35. 2 Rev. 1 Electronics are Working

  36. Rev. 1 Field Test There will be a field test of the Rev. 1 electronics with NIST SQUIDs at the McDonald Observatory in December. With a four-channel Stanford optical system, will attempt to measure the pulsar light curve in the optical of Geminga and PSR_B0656+14.

  37. 2 How to read out SCUBA-2? • Our arraying scheme must be extensible to the goal of an • 11 arcminutes diameter field at 450 mm (200 x 200 pixels). • Each pixel requires two leads • The pixels cannot be biased in parallel with a common ground • because of constraints on crosstalk and the current sourced to • the base temperature. • Multiplexing outside of the focal plane may be prohibitive. • A 200 x 200 array will require 80,000 leads bump bonded out • of the detector array. It is an immensely difficult wiring, • connectorization, and crosstalk problem to extract these leads • from the focal plane and connect them to 80,000 first-stage • SQUIDs, given constraints on real estate and wafer size.

  38. SQUID wafer (3” diameter) Multiplexing Outside the Focal Plane 6” interconnect wafer Detector Array 11 arcminute diameter (~10 cm) • 80,000 leads, ~1 mm • on 2 mm centers. • Crosstalk and inductance • is an issue. • Complicated bump bonding • problem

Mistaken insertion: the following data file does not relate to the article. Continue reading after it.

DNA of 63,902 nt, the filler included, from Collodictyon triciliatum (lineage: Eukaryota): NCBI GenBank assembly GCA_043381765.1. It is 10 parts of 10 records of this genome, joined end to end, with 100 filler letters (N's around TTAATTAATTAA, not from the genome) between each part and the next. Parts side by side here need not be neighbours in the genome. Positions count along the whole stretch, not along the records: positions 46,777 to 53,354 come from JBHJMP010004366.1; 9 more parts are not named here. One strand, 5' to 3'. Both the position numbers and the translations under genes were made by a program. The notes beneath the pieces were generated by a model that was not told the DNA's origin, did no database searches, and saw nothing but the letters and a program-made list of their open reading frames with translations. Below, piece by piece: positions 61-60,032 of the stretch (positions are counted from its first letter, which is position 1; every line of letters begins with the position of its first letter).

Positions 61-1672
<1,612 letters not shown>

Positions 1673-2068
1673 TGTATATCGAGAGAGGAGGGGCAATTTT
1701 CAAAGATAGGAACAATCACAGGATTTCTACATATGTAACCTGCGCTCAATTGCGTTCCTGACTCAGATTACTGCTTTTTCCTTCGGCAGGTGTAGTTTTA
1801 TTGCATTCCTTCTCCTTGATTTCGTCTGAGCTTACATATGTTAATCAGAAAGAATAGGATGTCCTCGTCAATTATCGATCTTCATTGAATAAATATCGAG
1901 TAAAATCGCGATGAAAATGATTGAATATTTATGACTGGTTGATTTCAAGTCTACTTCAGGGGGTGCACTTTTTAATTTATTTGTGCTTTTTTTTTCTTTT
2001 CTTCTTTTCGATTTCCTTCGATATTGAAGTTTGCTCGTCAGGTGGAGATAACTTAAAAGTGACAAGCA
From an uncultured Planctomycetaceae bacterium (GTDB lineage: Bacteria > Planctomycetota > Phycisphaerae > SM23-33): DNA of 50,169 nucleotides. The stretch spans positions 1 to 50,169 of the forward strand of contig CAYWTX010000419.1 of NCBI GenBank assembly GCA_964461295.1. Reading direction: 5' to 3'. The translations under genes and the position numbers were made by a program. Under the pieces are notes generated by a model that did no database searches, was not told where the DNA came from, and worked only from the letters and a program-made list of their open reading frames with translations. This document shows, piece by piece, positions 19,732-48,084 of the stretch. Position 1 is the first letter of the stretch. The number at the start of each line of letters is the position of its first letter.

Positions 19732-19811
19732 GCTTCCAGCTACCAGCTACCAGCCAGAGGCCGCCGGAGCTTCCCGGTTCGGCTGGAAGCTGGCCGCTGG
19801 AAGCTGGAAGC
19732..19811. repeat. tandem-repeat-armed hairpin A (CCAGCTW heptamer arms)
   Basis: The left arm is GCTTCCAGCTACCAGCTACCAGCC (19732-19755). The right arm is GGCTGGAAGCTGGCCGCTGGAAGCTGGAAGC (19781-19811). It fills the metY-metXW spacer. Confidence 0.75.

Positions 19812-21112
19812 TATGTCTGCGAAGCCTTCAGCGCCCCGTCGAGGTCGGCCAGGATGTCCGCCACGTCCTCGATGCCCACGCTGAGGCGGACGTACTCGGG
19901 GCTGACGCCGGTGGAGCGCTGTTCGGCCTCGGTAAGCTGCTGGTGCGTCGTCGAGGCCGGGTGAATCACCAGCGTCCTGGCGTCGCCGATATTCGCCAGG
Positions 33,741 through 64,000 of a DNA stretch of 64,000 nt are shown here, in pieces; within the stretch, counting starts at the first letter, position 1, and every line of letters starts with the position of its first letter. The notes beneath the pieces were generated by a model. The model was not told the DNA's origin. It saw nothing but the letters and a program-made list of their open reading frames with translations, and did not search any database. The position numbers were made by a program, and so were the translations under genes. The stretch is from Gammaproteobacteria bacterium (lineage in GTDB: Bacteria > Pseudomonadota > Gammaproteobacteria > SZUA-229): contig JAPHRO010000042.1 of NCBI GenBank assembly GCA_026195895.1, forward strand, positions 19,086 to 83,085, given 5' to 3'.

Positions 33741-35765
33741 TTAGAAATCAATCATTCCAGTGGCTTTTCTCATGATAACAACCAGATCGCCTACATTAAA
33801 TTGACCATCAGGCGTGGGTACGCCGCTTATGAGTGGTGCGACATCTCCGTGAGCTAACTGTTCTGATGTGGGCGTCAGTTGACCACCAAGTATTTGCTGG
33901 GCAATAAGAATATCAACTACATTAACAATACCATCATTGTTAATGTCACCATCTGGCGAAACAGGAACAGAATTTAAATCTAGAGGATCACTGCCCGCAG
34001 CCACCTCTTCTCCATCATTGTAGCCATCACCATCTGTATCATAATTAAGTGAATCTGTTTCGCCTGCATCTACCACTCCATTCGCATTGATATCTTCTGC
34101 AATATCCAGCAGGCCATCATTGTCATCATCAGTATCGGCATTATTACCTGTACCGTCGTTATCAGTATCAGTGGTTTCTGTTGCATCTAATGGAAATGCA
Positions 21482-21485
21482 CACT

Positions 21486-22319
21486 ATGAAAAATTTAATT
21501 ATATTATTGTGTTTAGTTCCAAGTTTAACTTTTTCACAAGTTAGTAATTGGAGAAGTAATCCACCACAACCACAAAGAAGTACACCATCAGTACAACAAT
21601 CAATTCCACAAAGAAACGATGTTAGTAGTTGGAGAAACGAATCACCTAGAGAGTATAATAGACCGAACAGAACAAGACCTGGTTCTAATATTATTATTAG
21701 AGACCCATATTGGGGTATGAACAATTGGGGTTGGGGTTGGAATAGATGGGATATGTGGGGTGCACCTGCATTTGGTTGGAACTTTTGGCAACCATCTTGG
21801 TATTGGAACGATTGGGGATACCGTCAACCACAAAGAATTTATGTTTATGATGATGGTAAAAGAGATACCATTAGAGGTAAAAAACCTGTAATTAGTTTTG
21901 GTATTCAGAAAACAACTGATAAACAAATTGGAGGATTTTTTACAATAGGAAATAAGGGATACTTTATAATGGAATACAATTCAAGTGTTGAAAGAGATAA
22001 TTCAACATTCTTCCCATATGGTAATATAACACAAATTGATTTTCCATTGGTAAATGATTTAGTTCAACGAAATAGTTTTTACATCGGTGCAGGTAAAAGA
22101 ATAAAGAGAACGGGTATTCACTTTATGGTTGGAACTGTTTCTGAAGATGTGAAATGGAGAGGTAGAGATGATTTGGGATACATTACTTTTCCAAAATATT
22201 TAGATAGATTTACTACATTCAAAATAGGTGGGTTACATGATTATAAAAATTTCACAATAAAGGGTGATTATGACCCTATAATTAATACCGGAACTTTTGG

39. 2 Detector Array 11 arcminute diameter (10 cm) Multiplexing in the Focal Plane SQUID Wafer • No interconnect wafer • Much smaller total area • Two orders of magnitude • fewer leads • Much simpler bump bonding • Crosstalk and inductance • vastly reduced.

  40. Nyquist Filter Inductor Detector Bias Current SQUID Shunt Resistor Feedback Coil Indium Bump Bonds Multiplexing in the Focal Plane

  41. Address Resistor Address Line Address Lines

  42. Address Resistor Address Line Address Lines

  43. 2 Superconducting Ground Plane and Backshort

  44. 2 Superconducting Ground Plane and Backshort

  45. 2 Bump Bond to Detector Array

  46. 2 Bump Bond to Detector Array